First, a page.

New wave upstarts turned college-rock royalty turned alternative-rock avatars PIXIES are playing Riot Fest in Chicago September 15. And while their soft-hard/quiet-loud unhinged dynamics didn’t make bank for them the way it did for other bands, they continue to leave a deep mark on the veneer of future generations of underground rockers. Frontman/guitarist Frank Black, guitarist Joey Santiago, bassist/vocalist Kim Deal and drummer David Lovering are still as vital as ever, and the arc of their history still speaks volumes about the continued possibilities of rock music. Here are 10 reasons why you need to get familiar with ‘em if you haven’t already.
The first new music from the band since 2004’s merely okay “Bam Thwok,” “Bagboy” is pretty sublime, peppered with frontman Frank Blank’s puzzling, genius non sequiturs (“Cover your breath/polish your speech”) and powered by Lovering’s boom and Santiago’s squeal. It’s the reform-school grandson to the band’s classic, “Dig For Fire” from 1990’s Velouria. Spoiler alert: Watch the video all the way to the end—it creeped the living hell out of this writer.
2. THEY WERE ON THE COVER OF AP 22.
In our September 1989 cover story, Frank Black waxed enthusiastically about UFOs, his band’s work ethic (“We’re competing with our favorite records”), his favorite meal (rice and beans, also the name of band’s publishing company), the original title for the band’s acclaimed Surfer Rosa album (Whore), vigilantism (“I don’t think revenge is good, but I think it ought to get so bad that everything collapses”), as well as predicting the rise of Nickelback (“It’s okay if people have bland, mediocre tastes. I mean, if that’s what they want, I don’t care”).
3. THE BANDS IN YOUR HARDDRIVE LOVE THEM.
In 1999, Glue Factory Records issued Where Is My Mind, a Pixies tribute featuring the participation of such scene staples as the Get Up Kids, Far, Weezer, Braid, Reel Big Fish, the Promise Ring and Samiam among others. In 2009, Travis Richter and Derek Bloom took some time off from being in From First To Last to deposit a Pixies cover on Youthanize, the debut album from their side project, the Colour Of Violence.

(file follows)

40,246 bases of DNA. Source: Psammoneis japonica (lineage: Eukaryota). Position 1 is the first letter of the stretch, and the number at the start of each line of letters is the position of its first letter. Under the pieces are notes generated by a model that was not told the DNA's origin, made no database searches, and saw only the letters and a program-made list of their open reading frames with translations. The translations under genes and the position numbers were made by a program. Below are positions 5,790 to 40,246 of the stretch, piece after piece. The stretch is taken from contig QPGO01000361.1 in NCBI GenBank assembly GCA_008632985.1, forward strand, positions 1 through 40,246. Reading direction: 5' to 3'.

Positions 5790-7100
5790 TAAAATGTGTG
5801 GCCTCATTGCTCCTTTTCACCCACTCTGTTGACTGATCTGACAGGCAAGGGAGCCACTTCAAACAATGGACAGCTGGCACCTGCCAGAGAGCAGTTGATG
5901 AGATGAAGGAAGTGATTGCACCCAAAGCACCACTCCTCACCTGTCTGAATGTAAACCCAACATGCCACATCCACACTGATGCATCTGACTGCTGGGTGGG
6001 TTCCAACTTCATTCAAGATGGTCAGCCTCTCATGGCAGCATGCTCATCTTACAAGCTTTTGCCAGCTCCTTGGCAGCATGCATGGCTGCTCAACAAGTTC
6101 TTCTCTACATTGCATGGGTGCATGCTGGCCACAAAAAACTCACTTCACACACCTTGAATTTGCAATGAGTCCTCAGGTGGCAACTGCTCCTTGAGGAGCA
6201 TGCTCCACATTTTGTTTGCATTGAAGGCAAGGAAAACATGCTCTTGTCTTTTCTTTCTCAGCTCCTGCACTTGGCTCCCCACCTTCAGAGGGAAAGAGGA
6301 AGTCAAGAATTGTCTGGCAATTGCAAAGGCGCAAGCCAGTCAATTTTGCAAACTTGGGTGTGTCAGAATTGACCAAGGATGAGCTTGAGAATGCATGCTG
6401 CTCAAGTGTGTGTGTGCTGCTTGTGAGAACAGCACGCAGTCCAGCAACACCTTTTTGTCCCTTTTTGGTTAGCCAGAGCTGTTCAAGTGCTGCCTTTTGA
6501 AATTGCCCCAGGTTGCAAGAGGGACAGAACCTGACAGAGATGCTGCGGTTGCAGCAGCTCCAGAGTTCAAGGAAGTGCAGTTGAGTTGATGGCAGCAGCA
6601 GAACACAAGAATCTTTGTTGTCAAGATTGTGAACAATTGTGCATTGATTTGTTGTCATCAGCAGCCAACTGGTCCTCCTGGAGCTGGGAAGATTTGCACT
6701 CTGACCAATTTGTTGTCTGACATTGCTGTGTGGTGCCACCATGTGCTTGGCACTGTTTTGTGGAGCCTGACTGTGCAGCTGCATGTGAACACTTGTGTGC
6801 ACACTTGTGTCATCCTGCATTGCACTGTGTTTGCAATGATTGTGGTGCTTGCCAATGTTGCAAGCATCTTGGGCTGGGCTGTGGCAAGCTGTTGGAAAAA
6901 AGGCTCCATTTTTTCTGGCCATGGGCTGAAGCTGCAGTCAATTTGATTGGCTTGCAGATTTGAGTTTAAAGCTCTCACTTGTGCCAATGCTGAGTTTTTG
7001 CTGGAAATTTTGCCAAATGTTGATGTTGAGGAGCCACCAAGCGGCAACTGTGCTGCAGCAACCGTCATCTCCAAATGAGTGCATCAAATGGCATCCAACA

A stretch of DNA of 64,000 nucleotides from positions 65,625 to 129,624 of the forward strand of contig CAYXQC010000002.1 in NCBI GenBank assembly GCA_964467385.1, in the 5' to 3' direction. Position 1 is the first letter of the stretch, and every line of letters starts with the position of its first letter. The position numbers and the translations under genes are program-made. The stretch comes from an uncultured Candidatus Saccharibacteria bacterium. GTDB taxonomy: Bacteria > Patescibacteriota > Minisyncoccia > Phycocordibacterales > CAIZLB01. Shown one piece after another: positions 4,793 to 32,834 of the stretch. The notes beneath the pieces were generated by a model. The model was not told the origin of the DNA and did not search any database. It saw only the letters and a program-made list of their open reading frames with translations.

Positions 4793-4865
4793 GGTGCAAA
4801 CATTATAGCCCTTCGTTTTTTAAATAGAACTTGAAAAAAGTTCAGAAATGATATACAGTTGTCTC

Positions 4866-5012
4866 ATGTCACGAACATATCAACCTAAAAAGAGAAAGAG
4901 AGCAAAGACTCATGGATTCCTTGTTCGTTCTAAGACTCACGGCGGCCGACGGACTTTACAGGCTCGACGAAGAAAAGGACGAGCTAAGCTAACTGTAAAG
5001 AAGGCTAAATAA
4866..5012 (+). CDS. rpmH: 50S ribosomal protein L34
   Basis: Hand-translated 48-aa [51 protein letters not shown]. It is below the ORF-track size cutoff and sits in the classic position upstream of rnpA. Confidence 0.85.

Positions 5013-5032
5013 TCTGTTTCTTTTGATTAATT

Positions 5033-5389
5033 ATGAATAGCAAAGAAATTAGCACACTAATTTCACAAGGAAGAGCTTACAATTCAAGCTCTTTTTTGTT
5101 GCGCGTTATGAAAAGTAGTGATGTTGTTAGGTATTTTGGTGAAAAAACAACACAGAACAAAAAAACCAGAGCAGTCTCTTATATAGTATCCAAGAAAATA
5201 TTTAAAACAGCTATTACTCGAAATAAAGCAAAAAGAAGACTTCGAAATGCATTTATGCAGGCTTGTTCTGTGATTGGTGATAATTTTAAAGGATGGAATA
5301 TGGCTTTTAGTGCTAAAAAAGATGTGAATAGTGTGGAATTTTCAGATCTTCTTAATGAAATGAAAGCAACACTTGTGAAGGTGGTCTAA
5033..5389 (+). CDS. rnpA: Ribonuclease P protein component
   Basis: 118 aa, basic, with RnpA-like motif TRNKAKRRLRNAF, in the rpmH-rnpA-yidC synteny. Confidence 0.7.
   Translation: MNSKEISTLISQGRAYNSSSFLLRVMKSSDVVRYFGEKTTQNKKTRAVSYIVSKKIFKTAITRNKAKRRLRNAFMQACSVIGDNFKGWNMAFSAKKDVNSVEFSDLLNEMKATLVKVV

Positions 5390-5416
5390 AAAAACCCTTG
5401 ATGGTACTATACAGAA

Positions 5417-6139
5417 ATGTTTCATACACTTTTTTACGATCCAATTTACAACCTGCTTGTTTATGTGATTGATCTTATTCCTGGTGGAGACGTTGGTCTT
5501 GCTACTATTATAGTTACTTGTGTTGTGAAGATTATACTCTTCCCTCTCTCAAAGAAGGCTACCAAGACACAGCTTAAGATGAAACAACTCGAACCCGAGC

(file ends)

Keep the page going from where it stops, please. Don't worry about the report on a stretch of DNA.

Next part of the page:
One of their signature songs, sung by bassist Kim Deal, that may have been influenced by the 1986 dark comedy Crimes Of The Heart or the point of view of a… uh… “size queen.” It was also covered by OK Go, Hello Goodbye and those Surfer Blood guys that all those Pitchfork readers seem to like.
5. THEY ENLISTED KIM SHATTUCK.
In June of this year, it was announced bassist/vocalist Kim Deal would not be participating in the next big round of Pixies activity. Undaunted, the remaining members were stoked to enlist the positively bad-assed Kim Shattuck, the rock ’n’ roll lifer who brought some grit and mania to such outfits as the Pandoras and the cool-as-feck quartet, the Muffs. Check out Ms. Shattuck on the Muffs’ track “Lucky Guy,” where she wields a voice that sounds like someone put powdered glass in her… uh… Pixy Stix. Oh yeah: That’s her on NOFX’s “Lori Meyers” from Punk In Drublic. Seriously people, Courtney who?
6. NIRVANA RIPPED THEM OFF. WELL, KINDA.
The late Kurt Cobain told Rolling Stone in January 1994 that Nirvana’s über-massive signature track "Smells Like Teen Spirit" was a blatant attempt to write a song using Pixies’ quiet/loud-as-hell dynamics. We’d like to think the Pixies at least got a fancy dinner out of it somewhere along the line…
7. “MONKEY’S GONE TO HEAVEN”
The parents of Screamo Nation rocked this one a long time ago. Check the 2:10 mark for evidence.
8. THEY MAKE OTHER BANDS’ SONGS BETTER.
Dullard internet commenters always say idiot stuff like “blows the original version away” when it comes to bands covering other peeps’ tracks. But since the Jesus And Mary Chain took $50 off this writer at their ghastly reunion last year, the glory goes to Pixies for this blitzkrieg JAMC cover and none of the bubbling, venomous contempt I have for the brothers Reid. And the video is so ridiculously cool.
You know how record labels will reissue some band’s disc and slap a DVD in it or a handful of bonus tracks to get you to pony up for it one more time? Well, you could buy all five Pixies LPs and spend around $60 with your state’s draconian sales tax. Or for around just south of $400, you could drop for Minotaur, the be-all, end-all investment in your Pixies fandom, containing five compact discs, two DVDs, one Blu-ray DVD of Doolittle, five 180-gram vinyl albums and two books. (This writer doesn’t have it, but his birthday is next week. Come on, folks. I rarely ask you for anything…)
10. DUDE, THE VANS.
High-tops adorned with one of their early shirt designs. You didn’t get a pair? Your parents are still wondering where they went wrong.
I BOUGHT ONE OF THEIR RECORDS SOLELY BECAUSE I ADORED THE COVER ART.